Billy Roussel is a risk taker. Always has been.
So when he saw a platform high in a tree with a cable over the waters of Lake Bistineau while fishing with 12-year-old son Seth, he didn’t hesitate to shimmy up to it and jump.
“My last words to my son were ‘Here goes nothing.’ When I made the swing, I couldn’t hold on to the cable. I ended up hitting the ground, bouncing off a cypress knee into the water. I knew I had done something. I couldn’t lift my head, I couldn’t move my arms or legs.”
That day, June 14, 2009, Roussel became one of the approximately 500,000 people who sustain a spinal cord or brain injury annually in the United States, according to ThinkFirst of the Ark-La-Tex.
If not for his son, Roussel would have lost his life.
Seth swam from the boat to his father and turned him over. Roussel was conscious and aware enough to give instructions.
“I said, son, you’ve got to keep daddy’s head above water. I said I’ve done something to my neck, I can’t move my arms, I don’t know what I’ve done.”
Getting his 225 lb. father back to the bank was a struggle for 82-lb. Seth. “He kept saying, ‘I can’t do it, I can’t do it,’” Roussel remembered.
But Seth didn’t give up and eventually got Roussel to the bank, where he rested his head on a stump. He told Seth to cut a piece of rope, loop it under his armpits and tie him to a tree so he wouldn’t float back out into the water, then to call 911 and his mother.
The rescue crew tracked their general location through his cell phone, Seth yelled to direct them to the exact spot.
“My son saved my life that day. If he hadn’t pulled me out, I would have drowned. I couldn’t hold my head above water. I called him a man after that happened.”
Roussel was airlifted to University Health Shreveport. The impact had damaged his spine at the C3-C5 area of his neck. During surgery, his C4 vertebra was replaced with a cadaver bone.
Today, Roussel has feeling throughout his body, but he describes it as a tingling sensation. He is able to move his arms, bear weight on his legs and has taken a step with a walker, but must rely on a motorized wheelchair to get around. “I can move my hands, but they’re not functional. I can’t use my hands to open a door or shake a man’s hand. I can’t comb my hair, I can’t brush my teeth.”
A carpenter by trade, he feels his loss of mobility acutely.
Still, he is grateful for the progress he’s made – and the support he’s received from wife Melody, caregiver Cedric Ragster and friend Scott Wells, who also sustained a spinal cord injury.
Roussel’s spinal cord doctor told him less than 1 percent of people who have his type of spinal cord injuries ever return to the point he has. “It made me realize that God was in it all.”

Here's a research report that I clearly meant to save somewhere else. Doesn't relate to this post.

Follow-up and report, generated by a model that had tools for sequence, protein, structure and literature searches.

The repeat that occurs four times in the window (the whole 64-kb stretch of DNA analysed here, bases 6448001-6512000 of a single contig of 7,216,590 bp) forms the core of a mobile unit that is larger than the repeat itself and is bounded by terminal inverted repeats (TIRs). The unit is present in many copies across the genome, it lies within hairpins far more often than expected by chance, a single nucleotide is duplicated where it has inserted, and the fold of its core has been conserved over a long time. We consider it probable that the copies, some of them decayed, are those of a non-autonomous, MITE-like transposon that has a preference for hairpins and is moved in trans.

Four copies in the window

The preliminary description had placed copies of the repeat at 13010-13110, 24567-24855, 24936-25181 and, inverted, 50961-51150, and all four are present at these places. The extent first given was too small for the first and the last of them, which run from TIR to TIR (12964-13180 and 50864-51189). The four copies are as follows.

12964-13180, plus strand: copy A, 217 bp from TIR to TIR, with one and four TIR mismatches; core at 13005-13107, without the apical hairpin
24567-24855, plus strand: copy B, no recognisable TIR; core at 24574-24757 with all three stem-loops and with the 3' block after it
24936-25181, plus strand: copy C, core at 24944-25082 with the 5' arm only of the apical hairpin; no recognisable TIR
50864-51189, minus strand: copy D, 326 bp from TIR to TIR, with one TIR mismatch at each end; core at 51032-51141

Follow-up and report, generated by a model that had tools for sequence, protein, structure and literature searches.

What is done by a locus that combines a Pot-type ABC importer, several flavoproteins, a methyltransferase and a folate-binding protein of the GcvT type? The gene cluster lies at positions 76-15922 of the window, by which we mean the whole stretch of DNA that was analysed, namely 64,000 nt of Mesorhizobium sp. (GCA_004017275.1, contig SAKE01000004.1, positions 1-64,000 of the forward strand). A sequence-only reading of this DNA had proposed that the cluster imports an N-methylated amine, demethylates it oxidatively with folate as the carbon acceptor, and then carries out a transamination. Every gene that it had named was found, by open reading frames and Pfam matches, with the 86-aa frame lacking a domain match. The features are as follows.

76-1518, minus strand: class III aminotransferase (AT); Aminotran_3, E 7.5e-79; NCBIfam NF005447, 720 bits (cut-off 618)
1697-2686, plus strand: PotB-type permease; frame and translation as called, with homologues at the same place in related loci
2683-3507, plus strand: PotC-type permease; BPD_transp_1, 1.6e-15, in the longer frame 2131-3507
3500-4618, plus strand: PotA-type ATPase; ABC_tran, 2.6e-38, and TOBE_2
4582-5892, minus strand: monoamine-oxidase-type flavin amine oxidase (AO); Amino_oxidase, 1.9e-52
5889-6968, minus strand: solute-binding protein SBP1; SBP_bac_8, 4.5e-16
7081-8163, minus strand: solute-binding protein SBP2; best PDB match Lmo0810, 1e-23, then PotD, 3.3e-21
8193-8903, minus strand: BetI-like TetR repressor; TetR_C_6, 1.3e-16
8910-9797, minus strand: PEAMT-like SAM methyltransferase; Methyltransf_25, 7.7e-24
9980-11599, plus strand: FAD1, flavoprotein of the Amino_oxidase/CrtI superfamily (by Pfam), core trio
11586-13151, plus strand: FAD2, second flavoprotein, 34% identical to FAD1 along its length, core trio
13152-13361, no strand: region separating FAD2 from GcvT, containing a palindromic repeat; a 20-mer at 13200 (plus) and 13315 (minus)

If he could do it all over, he wouldn’t take the risk.
“The Bible says time and chance happen to everyone. I think that’s what happened to me. It was a time and it was a chance I took. If I had known on the other side that was going to happen, I wouldn’t have done it. Things are going to happen to anybody, any time, any place, but if you use your head and realize the possibility of what could happen, like I should have … I realized I was taking a risk, but I wanted to take it anyway because, honestly, I had been like that most of my life. Even my wife, the day we left, she told my 12-year-old son not to let me do something I shouldn’t be doing.”
“Think First,” the slogan for ThinkFirst National Injury Prevention Foundation, is what he would say today to those of his personality type contemplating a risky move.
The potential consequences are just too high.
For more information on ThinkFirst of the Ark-La-Tex, log on to www.thinkfirstlouisiana.org or call 226-0066. For more information on teen driver safety, check out www.facebook.com/arklatexthinkfirst and @TFDriveSmart.
Trauma prevention tips
Each year, more than 500,000 traumatic brain and spinal cord injuries occur in the United States, according to ThinkFirst of the Ark-La-Tex, which strives to prevent brain, spinal cord and other traumatic injuries through education. The most common causes are vehicle crashes, violence, falls and sports, in that order, which means that many of these lifelong injuries are preventable if you remember to:
• Wear your seat belt every time you’re in a vehicle, no matter where you sit.
• Never drive when you have been drinking or ride with someone who has been drinking.
• Never text and drive – you are 23 times more likely to be involved in a crash when texting and driving.
• Wear the proper sports gear. Always wear a helmet when riding a bicycle, motorcycle, skateboard or ATV.
• Feet first, every time. Carefully walk into water to check for depth and objects before diving or jumping.
Source: ThinkFirst of the Ark-La-Tex